While there was a time when much if not most art was religious in subject, the art that bothers with religion today, especially Christianity, loves to trash, belittle, and blaspheme the sacred. In this the middle finger is lifted not toward the buyer whose padded pockets make it all possible but to the God who has given His one and only Son to be our Savior and Lord. Years ago it was more basic -- stick a crucifix in a beaker of urine and call it done. Now they actually work at the art but use everything from dung to semen in their multimedia displays of shame. Inevitably, there is some erotic, generally homoerotic, image hidden or obvious in their work. Take that, the holy and might God of heaven and earth! All of the blasphemy is validated with the price fetched by these things (I hesitate to call it art) and by the prizes awarded -- seemingly for being the most outrageous of all.
I wish I could say that this movement in art is driven by a fad or trend -- post-modernism. It is not fueled by an artistic style or even a phenomenon. It is nothing less than the chaotic triumph of a worldview devoid of real values and intent upon exploiting outrage. Sure, some of the artists claim to be acting out of the typical dead sleep now called wokism but it does seem that some delight in chaos, in dispute, and in conflict. While there may be some personal satisfaction in telling the folks, faiths, or classes you despise to go to you know where, it hardly equates either to art or erudition unless we have not evolved past the temper tantrum or the stick figure on the fridge. In both cases, it is high time we told the critics and the artists to grow up. For all the clamor for a new beginning, the folks who delight in tearing down what was offer scant positive structures on which a fresh start might be built.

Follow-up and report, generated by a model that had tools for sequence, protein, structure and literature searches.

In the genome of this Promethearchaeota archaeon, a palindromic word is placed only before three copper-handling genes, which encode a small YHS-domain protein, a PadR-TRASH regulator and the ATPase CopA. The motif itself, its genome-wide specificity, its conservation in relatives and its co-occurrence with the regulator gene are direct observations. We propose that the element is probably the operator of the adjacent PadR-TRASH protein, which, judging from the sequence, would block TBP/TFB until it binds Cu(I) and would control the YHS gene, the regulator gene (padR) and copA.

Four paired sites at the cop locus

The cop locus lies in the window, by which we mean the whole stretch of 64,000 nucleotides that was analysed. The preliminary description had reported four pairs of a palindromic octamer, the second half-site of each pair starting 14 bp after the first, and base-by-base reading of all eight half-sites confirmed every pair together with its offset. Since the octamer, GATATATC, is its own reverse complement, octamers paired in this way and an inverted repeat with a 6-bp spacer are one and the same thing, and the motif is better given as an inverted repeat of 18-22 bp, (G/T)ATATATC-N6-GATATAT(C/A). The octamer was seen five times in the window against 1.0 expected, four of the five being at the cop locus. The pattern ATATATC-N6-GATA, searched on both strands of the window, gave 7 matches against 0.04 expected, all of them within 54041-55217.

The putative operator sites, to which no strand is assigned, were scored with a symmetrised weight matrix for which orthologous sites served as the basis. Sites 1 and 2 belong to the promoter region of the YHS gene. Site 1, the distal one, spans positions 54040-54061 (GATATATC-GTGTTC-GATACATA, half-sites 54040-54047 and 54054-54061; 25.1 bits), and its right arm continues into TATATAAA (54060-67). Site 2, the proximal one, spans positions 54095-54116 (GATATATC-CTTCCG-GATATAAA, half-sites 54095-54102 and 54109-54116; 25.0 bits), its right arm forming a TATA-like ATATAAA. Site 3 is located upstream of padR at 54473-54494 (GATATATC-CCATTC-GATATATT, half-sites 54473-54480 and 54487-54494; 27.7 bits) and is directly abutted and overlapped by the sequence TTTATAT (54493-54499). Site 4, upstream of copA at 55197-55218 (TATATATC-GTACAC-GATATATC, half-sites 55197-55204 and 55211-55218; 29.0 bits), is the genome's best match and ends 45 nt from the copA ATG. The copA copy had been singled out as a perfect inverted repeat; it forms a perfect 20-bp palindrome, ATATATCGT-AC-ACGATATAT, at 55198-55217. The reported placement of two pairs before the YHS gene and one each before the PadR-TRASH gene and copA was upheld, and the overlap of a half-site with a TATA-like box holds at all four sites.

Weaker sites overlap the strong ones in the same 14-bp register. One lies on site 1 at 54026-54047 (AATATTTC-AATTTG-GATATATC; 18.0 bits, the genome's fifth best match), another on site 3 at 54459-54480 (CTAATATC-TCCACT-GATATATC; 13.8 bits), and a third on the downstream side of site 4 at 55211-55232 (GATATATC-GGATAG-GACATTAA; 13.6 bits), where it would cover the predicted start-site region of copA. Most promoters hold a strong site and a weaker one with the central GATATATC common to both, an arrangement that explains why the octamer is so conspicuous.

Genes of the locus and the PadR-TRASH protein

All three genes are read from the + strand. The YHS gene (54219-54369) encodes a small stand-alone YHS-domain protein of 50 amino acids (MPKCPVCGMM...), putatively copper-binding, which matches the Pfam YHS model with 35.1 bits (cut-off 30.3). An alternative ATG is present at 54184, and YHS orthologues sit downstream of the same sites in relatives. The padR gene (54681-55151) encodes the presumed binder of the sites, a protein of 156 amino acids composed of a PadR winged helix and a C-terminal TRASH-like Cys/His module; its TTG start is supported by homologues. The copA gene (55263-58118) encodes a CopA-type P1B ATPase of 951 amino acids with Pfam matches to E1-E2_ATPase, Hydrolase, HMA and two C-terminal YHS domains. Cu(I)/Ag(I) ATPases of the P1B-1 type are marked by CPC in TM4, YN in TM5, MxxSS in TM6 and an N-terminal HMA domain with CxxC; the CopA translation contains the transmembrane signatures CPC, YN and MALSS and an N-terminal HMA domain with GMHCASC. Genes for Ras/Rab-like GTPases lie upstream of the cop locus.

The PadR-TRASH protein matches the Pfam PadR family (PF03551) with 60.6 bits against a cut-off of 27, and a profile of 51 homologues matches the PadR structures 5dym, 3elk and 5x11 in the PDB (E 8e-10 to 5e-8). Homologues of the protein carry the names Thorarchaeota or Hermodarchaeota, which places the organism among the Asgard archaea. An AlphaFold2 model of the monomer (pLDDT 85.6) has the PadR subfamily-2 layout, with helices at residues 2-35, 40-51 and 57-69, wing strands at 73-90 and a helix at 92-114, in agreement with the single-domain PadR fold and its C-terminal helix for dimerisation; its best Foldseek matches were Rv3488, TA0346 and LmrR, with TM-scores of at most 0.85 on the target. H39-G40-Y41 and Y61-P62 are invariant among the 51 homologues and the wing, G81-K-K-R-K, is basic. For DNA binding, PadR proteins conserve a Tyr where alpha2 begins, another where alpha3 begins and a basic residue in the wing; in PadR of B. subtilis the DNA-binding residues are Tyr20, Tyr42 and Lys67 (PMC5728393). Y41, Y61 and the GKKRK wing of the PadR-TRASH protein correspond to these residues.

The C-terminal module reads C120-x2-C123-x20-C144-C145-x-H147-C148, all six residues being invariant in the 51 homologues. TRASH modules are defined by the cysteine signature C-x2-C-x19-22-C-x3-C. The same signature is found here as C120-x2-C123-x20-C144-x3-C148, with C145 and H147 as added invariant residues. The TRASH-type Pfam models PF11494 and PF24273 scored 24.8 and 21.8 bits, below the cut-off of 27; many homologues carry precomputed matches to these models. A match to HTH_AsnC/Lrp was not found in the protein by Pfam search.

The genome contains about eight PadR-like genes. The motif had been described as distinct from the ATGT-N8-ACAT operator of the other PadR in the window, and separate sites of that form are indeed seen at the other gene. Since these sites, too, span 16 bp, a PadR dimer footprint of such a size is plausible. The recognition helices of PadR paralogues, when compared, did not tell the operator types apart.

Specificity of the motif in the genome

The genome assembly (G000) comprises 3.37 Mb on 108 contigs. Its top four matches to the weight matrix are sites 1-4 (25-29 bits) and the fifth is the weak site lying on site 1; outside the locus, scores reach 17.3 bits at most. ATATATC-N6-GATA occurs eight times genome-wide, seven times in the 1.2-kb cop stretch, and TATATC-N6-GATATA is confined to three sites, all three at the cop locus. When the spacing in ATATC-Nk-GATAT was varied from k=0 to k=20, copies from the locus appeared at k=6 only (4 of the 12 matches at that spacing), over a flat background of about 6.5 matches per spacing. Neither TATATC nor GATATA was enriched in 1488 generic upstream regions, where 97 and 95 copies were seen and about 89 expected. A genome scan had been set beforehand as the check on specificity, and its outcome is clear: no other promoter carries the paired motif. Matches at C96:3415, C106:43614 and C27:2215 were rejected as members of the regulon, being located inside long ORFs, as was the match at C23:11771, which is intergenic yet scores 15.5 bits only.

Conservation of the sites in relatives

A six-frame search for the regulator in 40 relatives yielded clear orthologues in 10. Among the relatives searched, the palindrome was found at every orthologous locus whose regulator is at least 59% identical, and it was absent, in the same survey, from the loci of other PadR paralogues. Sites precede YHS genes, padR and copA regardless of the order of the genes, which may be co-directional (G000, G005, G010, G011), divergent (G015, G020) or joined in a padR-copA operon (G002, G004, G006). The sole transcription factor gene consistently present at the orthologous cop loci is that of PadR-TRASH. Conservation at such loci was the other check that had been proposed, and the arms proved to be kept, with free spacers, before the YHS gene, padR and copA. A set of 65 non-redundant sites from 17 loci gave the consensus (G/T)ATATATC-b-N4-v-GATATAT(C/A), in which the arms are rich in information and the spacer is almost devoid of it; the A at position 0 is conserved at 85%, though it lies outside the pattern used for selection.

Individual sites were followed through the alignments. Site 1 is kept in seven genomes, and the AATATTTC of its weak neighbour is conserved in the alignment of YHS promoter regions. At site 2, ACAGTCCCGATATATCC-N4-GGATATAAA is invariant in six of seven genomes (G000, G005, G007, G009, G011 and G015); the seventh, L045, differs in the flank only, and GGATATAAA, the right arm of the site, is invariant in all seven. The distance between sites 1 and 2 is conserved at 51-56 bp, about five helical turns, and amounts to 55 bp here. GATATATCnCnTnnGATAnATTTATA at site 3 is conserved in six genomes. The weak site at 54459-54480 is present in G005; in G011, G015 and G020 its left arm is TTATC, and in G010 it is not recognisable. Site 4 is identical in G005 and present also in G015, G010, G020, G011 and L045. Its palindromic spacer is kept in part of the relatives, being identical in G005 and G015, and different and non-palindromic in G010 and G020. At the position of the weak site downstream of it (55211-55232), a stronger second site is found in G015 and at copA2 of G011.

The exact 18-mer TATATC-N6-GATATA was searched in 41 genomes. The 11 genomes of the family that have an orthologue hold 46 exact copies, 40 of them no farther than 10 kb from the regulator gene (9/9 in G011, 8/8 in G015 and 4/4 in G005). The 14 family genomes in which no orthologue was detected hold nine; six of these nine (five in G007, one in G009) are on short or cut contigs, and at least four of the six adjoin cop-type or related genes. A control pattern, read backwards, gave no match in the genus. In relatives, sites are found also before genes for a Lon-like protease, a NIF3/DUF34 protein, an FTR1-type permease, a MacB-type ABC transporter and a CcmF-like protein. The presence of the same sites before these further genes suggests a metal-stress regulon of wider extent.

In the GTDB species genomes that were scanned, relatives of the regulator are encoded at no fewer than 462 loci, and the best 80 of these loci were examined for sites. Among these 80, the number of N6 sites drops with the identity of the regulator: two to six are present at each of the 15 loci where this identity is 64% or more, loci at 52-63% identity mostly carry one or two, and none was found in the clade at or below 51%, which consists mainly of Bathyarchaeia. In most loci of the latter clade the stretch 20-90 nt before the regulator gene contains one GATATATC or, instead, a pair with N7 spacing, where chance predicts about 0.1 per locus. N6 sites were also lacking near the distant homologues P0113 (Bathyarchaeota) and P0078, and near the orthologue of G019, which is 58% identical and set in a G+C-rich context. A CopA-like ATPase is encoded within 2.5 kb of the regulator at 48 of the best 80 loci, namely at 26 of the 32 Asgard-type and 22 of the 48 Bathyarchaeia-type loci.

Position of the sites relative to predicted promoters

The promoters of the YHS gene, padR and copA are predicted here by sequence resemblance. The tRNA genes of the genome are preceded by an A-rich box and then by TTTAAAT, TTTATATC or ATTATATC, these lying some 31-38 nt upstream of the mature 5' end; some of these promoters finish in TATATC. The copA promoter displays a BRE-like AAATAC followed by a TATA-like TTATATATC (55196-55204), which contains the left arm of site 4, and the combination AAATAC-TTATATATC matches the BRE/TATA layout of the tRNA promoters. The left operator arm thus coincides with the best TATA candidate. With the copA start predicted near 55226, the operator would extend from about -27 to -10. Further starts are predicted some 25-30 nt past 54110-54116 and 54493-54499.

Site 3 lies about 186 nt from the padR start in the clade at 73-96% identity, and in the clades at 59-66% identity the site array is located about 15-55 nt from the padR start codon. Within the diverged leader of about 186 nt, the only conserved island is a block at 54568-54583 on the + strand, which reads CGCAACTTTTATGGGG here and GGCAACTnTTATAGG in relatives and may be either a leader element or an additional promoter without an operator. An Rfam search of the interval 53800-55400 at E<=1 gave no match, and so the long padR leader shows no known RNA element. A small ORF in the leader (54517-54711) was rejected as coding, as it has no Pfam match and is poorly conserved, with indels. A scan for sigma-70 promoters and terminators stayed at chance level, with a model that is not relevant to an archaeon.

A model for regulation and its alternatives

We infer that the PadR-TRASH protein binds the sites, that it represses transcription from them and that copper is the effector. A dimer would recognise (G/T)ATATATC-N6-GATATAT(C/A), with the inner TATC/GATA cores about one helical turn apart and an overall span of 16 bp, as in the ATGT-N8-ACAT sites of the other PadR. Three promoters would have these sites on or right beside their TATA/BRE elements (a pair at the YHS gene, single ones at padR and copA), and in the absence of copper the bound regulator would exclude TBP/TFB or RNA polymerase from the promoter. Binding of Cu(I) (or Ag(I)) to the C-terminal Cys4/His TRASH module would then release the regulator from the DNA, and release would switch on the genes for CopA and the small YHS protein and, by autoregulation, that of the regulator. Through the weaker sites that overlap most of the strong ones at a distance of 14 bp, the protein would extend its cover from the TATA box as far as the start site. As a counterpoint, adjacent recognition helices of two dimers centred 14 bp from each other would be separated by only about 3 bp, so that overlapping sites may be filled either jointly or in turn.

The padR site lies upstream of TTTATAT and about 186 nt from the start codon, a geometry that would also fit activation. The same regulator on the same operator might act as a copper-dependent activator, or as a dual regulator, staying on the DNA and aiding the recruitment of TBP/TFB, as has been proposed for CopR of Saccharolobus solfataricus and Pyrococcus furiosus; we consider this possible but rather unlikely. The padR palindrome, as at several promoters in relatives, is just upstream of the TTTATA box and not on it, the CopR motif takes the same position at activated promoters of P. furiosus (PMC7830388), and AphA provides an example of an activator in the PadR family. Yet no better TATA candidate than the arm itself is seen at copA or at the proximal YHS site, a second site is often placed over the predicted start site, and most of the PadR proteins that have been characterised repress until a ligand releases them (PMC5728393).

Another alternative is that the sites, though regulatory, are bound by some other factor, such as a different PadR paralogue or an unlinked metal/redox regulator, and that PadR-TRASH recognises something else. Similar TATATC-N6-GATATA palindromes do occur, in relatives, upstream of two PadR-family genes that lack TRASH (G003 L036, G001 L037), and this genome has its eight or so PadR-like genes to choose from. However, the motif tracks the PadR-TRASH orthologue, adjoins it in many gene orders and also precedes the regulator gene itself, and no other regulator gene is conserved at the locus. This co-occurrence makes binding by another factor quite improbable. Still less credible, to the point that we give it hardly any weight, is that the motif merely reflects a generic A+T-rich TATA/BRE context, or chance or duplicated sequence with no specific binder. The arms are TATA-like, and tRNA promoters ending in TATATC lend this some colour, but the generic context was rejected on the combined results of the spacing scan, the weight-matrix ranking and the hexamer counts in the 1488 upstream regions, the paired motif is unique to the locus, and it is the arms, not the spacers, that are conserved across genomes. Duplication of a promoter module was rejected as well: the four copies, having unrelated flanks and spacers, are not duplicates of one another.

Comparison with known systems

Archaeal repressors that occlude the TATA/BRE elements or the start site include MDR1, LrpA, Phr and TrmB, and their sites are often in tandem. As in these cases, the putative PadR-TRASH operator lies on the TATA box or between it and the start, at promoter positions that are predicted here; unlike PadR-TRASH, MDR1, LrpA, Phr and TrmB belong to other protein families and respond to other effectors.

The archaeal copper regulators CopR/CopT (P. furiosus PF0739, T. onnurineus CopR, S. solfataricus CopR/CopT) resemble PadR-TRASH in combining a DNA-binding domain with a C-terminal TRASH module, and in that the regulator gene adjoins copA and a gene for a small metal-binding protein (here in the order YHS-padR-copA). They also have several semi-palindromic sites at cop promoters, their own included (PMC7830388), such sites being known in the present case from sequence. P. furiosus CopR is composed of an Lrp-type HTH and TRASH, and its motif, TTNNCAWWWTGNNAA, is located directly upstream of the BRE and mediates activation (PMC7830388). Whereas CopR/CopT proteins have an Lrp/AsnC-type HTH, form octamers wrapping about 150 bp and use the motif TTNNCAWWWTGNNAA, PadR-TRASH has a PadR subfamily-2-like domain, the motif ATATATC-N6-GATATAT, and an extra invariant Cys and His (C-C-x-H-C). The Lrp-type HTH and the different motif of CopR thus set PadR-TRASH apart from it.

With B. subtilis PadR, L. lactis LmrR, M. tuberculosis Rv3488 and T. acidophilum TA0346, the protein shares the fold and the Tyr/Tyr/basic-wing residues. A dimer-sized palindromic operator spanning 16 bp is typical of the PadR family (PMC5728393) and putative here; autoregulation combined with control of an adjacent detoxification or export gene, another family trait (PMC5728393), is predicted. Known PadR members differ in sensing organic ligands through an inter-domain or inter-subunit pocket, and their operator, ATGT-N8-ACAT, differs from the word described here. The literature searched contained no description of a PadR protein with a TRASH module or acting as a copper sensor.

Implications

In contrast to those who identify as artists, Christianity is a positive religion and a profound faith that fosters just that -- a new beginning. Now in the waning stages of Easter, that new beginning is heard and celebrated in the only One who killed death and rose to grant new and everlasting life. It was this hope that once was the subject of the greatest of artists and artisans and it offered the promise of beauty amid the ugliness of sin and its death. It is high time that Christians reclaimed the rightful high ground and offered a significant alternative to the putrid and rancid death that modern art has supplied. We will not win the world over only by beauty but with words of hope and promise that proclaim the death and resurrection of our Lord Jesus as well as the visual canvas that reflects that same profound hope, we will at least show the world another vision besides the self-expression that reveals the erotic and perverted as humanity's last best hope.